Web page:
Uganda’s President Yoweri Museveni says that he appreciates US President Donald Trump for telling Africans that “he is not your uncle” – possibly a reference to Trump’s plans to cut US foreign aid.
The idiosyncratic Ugandan leader made the remark at a meeting of African leaders in Bahir Dar, Ethiopia, where the 6th High-Level Tana Forum is taking place under the theme, ‘Managing Natural Resources in Africa: Challenges & Prospects.’
Museveni took the opportunity to urge Africans to develop their own infrastructure and natural resources:
“African leaders should stop ideological meandering and thoroughly discuss and distill positions which can help their people transform using natural resources.
“I don’t agree with the view that education alone is the solution to Africa’s problems. That you educate your people and everything will be okay? This was part of the mistakes of the 1960s; fragmented thinking and vision.
“If you educate people but don’t have infrastructure including electricity, where will they work, how will they work?
“Look at the Philippines, it has most of its citizens working all over the world because they don’t have jobs back home while South Korea because of developed infrastructure, has most of its citizens working at home.
“On mineral resources, my key question is who owns the resources?
“We discovered oil in Uganda about 12 years ago but we have not exploited it because we could not agree with the companies. They wanted to cheat us. I said the oil has been in the ground for the last so many years and it can stay until we agree.
“We have huge iron ore reserves. Indians came and were offering us $38 per tonne of soil taken to India for processing. Our iron ore is 70% pure, second best in the world to Peru. At high steel prices, a tonne of ore goes for $900. I said nobody takes an ounce of ore until we get a good bargain for Uganda.
“It’s the same case with uranium. We have a lot of deposits. Canadians came asking that they transport and process it from Canada. I said it stays until we have built our own nuclear power station. I am not a fool to give firewood to my neighbour when I don’t have firewood in my own home.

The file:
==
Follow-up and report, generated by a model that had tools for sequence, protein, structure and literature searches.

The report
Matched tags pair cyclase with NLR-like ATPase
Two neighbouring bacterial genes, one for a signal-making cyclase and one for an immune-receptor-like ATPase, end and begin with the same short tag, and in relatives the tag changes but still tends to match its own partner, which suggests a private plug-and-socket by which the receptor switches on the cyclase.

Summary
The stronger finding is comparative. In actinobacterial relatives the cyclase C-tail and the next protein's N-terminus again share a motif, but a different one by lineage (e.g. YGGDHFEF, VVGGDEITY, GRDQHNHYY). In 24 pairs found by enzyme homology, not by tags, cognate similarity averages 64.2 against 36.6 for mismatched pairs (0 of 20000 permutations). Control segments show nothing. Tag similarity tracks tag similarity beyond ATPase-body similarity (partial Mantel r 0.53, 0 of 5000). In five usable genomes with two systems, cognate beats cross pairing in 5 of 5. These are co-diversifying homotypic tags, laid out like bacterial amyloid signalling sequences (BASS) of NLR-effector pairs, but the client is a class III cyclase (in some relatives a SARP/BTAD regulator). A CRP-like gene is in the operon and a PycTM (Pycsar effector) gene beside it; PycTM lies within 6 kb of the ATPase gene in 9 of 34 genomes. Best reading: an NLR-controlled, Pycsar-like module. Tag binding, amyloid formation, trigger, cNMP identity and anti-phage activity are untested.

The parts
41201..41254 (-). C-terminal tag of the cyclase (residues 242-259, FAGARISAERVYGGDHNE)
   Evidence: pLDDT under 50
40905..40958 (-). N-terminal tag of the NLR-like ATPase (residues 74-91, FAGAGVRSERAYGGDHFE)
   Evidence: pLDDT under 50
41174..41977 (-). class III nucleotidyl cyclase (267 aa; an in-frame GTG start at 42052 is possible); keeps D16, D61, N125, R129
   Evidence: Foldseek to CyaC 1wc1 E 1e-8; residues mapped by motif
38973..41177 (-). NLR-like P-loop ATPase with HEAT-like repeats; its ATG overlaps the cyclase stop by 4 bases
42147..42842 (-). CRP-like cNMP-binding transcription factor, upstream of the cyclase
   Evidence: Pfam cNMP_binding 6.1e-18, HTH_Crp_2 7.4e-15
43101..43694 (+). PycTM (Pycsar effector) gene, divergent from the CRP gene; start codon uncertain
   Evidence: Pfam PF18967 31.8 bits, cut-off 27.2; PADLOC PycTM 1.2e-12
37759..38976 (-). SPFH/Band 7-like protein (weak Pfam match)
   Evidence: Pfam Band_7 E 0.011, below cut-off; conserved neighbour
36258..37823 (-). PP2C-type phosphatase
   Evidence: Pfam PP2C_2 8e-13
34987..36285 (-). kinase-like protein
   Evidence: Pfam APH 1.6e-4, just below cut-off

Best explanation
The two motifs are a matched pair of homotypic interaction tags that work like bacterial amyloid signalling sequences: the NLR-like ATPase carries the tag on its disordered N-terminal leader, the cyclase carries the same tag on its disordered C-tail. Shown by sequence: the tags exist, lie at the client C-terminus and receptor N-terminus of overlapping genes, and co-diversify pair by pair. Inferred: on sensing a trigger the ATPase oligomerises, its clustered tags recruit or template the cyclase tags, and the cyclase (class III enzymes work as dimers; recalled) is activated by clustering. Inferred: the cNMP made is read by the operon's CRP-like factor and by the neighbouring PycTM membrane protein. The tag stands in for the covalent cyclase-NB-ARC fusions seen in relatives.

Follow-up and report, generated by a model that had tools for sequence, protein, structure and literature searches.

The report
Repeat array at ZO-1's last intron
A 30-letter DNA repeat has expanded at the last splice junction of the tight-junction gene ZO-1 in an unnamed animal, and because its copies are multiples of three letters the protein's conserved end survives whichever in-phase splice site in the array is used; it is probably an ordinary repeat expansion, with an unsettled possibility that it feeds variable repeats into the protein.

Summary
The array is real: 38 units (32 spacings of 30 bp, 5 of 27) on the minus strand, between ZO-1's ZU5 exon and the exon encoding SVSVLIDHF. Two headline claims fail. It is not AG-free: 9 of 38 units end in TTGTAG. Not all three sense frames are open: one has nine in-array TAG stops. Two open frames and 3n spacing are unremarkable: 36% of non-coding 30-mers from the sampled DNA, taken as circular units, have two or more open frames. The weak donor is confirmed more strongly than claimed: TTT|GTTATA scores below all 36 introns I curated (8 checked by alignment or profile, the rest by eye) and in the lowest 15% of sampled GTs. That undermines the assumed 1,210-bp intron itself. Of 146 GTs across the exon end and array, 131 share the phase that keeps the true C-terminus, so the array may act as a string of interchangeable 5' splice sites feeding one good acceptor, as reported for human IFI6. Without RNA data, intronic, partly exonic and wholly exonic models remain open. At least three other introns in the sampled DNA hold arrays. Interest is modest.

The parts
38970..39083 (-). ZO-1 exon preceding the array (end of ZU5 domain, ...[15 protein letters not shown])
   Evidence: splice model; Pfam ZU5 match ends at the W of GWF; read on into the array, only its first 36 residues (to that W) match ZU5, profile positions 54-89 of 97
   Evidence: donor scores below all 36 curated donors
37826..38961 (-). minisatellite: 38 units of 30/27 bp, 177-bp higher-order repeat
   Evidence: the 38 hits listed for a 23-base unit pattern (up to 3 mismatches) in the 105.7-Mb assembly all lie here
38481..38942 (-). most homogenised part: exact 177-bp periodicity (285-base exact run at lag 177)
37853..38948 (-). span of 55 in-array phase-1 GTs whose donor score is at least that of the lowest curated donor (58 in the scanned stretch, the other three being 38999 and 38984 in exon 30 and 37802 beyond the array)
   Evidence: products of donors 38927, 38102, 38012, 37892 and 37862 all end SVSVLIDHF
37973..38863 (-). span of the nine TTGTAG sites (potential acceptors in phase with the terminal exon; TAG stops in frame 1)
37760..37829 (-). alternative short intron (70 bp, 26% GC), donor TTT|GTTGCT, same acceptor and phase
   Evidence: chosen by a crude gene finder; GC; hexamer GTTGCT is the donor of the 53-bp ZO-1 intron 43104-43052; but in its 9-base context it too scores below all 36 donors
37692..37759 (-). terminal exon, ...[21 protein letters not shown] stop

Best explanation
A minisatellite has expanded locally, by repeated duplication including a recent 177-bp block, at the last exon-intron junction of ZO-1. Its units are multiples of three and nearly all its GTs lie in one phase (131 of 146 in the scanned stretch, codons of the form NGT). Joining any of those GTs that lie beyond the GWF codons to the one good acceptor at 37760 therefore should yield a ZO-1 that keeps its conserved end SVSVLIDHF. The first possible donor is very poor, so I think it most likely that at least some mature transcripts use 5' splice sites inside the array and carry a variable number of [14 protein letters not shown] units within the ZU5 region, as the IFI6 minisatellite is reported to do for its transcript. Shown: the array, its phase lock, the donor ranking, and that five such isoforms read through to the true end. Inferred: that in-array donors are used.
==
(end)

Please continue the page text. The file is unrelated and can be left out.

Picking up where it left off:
“That’s why I love Donald Trump. He has told you he is not your uncle. This is good. For Africans who feel orphaned, I am sorry. Let us come back to our continent and mind our own affairs.”
Museveni did not elaborate further. Previously, however, he has expressed support for Trump and voiced the need for a “Trump therapy” against “liberals and leftists” whom he views as patronizing and hypocritical.
The long-time Ugandan president wrote last February of deep differences with Western liberals saying, “We would spend endless hours arguing with the Western liberals on matters on which we cannot have convergence… These are issues to do with family, forms of democracy, homosexuals, central planning versus economic liberalisation. One had to control irritation to politely get through these meetings.”
Museveni expressed frustration with liberal Western governments for dwelling on areas of difference rather than common ground such as shared commitments to universal education, healthcare, industrialisation, freedom of peoples, the emancipation of women, and anti-terrorism.
“Why not take advantage of these convergences? We who were colonised and brutalised by the Western countries forgot and forgave those mistakes. Why can’t these countries of the West have a just and balanced attitude to the countries of the East…?”
Uganda’s leader is fond of lecturing visiting Westerners on African history and ideology. In the photo below he is seen offering a “brief lecture” to a group of American generals from the National Defence University, at State House, Entebbe, in February 2017.